Nottingham Forest fans woke up to a worrying and all-too-familiar feeling on Monday morning.
Dougie Freedman has become the sixth full-time manager to be sacked by owner/chairman Fawaz Al Hasawi.
The chances of the two-time European Cup winners playing Premier League football again seem further away than when the Kuwaiti businessman took control less than four years ago.
What are the reasons for the decision? Will history repeat itself in 12 months? And who's in the running to take over? BBC Sport takes a look.
Here we go again - Forest fallout facts
Including caretaker managers, Paul Williams - who is in charge until the end of the season - is the eighth man to lead Forest during Al Hasawi's 44 months at Forest.
The average spell in charge has been five-and-a-half months.
Billy Davies and Freedman both managed about 13 months, while fellow Scot Alex McLeish lasted six weeks.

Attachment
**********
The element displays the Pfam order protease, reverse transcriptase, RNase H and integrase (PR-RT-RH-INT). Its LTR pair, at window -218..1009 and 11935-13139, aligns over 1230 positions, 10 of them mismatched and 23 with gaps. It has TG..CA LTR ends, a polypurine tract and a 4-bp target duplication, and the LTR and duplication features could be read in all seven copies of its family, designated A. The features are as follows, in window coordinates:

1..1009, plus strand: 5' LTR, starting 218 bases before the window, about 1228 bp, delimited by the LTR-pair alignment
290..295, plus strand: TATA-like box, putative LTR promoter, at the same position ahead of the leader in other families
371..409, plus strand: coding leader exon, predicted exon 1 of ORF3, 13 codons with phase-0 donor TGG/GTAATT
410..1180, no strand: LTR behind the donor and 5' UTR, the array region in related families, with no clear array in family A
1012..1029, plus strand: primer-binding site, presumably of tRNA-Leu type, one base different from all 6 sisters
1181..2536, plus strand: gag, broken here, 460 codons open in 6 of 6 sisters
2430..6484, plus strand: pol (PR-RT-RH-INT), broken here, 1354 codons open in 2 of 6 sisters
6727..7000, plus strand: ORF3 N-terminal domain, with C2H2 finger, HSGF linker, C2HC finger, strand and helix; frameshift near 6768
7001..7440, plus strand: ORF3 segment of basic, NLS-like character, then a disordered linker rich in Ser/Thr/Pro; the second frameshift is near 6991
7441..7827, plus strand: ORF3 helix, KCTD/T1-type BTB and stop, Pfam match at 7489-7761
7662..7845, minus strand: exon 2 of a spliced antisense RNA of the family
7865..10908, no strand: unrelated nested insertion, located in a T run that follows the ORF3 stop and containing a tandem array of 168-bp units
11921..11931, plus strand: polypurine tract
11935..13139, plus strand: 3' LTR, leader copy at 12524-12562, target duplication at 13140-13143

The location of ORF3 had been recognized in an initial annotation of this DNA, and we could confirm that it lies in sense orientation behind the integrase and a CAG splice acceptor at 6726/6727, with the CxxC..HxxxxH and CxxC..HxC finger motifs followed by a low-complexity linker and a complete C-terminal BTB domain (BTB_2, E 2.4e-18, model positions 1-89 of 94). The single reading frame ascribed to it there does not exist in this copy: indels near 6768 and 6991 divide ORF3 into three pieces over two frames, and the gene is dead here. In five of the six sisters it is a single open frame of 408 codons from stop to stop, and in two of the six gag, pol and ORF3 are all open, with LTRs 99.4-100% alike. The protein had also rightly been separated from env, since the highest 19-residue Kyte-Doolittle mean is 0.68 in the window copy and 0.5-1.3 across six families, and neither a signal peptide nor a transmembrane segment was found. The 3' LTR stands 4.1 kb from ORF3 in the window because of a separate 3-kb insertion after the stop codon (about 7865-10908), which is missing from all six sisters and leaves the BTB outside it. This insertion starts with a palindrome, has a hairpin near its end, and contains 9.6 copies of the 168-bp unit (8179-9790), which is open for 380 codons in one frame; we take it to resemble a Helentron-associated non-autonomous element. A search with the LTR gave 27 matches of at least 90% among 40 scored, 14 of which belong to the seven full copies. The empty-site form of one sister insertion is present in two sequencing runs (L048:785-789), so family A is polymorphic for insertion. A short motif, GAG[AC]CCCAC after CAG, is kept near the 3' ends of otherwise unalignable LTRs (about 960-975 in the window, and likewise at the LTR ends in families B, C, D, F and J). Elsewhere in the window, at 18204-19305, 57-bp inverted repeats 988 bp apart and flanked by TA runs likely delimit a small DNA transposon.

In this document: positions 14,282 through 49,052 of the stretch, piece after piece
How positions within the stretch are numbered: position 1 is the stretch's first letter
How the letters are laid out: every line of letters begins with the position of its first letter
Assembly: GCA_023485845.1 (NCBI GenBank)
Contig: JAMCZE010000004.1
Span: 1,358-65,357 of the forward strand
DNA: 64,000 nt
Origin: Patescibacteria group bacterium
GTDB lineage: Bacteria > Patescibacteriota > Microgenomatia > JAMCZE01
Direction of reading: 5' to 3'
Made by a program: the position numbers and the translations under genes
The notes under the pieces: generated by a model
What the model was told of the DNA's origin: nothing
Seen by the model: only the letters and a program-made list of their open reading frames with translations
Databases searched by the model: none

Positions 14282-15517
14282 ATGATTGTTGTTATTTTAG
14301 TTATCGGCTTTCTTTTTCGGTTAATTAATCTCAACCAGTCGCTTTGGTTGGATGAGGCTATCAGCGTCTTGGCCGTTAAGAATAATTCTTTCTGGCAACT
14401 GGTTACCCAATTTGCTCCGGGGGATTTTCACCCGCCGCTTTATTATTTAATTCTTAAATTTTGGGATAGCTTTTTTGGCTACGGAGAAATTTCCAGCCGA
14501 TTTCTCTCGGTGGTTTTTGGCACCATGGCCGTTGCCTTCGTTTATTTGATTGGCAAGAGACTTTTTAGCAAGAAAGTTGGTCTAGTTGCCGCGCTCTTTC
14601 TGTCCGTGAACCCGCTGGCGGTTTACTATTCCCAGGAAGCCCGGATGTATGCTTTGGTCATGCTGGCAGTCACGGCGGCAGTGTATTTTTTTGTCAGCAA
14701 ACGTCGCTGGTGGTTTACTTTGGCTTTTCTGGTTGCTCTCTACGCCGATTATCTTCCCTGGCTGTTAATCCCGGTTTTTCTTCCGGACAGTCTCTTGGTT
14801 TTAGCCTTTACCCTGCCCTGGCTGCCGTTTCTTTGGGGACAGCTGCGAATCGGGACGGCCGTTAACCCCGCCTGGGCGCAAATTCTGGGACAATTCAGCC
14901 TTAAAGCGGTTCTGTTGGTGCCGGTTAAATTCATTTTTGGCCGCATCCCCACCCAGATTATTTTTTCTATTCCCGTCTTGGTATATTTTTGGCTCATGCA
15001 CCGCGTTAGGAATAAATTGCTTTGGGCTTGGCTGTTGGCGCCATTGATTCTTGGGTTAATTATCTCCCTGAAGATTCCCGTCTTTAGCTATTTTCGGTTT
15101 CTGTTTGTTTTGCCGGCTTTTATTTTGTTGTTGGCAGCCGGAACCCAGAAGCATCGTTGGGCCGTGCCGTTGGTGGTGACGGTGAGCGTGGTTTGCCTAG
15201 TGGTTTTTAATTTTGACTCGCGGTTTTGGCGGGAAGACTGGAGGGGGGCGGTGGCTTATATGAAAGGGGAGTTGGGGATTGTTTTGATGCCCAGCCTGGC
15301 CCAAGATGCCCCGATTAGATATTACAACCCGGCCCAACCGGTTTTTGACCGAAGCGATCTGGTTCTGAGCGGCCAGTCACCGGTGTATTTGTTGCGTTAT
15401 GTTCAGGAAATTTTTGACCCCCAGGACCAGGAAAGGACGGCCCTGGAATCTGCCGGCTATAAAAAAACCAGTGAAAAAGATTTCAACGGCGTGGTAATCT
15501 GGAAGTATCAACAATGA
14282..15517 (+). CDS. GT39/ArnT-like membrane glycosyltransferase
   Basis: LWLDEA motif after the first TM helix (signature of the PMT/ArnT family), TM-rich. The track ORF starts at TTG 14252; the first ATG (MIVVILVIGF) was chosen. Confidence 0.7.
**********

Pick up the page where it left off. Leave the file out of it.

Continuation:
Steve Cotterill was sacked soon after the Al Hasawis arrived in July 2012, and the turbulent times have continued Trentside ever since. Sean O'Driscoll, McLeish, Davies, Stuart Pearce and Freedman have all come and gone.
Williams is the second caretaker-boss, with Gary Brazil having a nine-game spell in charge after Davies was sacked in March 2014.
Injury setbacks and money, money, money
The Al Hasawis have stacks of money, but they have been unable to spend it because of the Financial Fair Play rules and the imposition of a transfer embargo.
Competing with big-spending clubs when he could only bring in loan signings or free transfers, and on restricted wages, proved impossible for Freedman.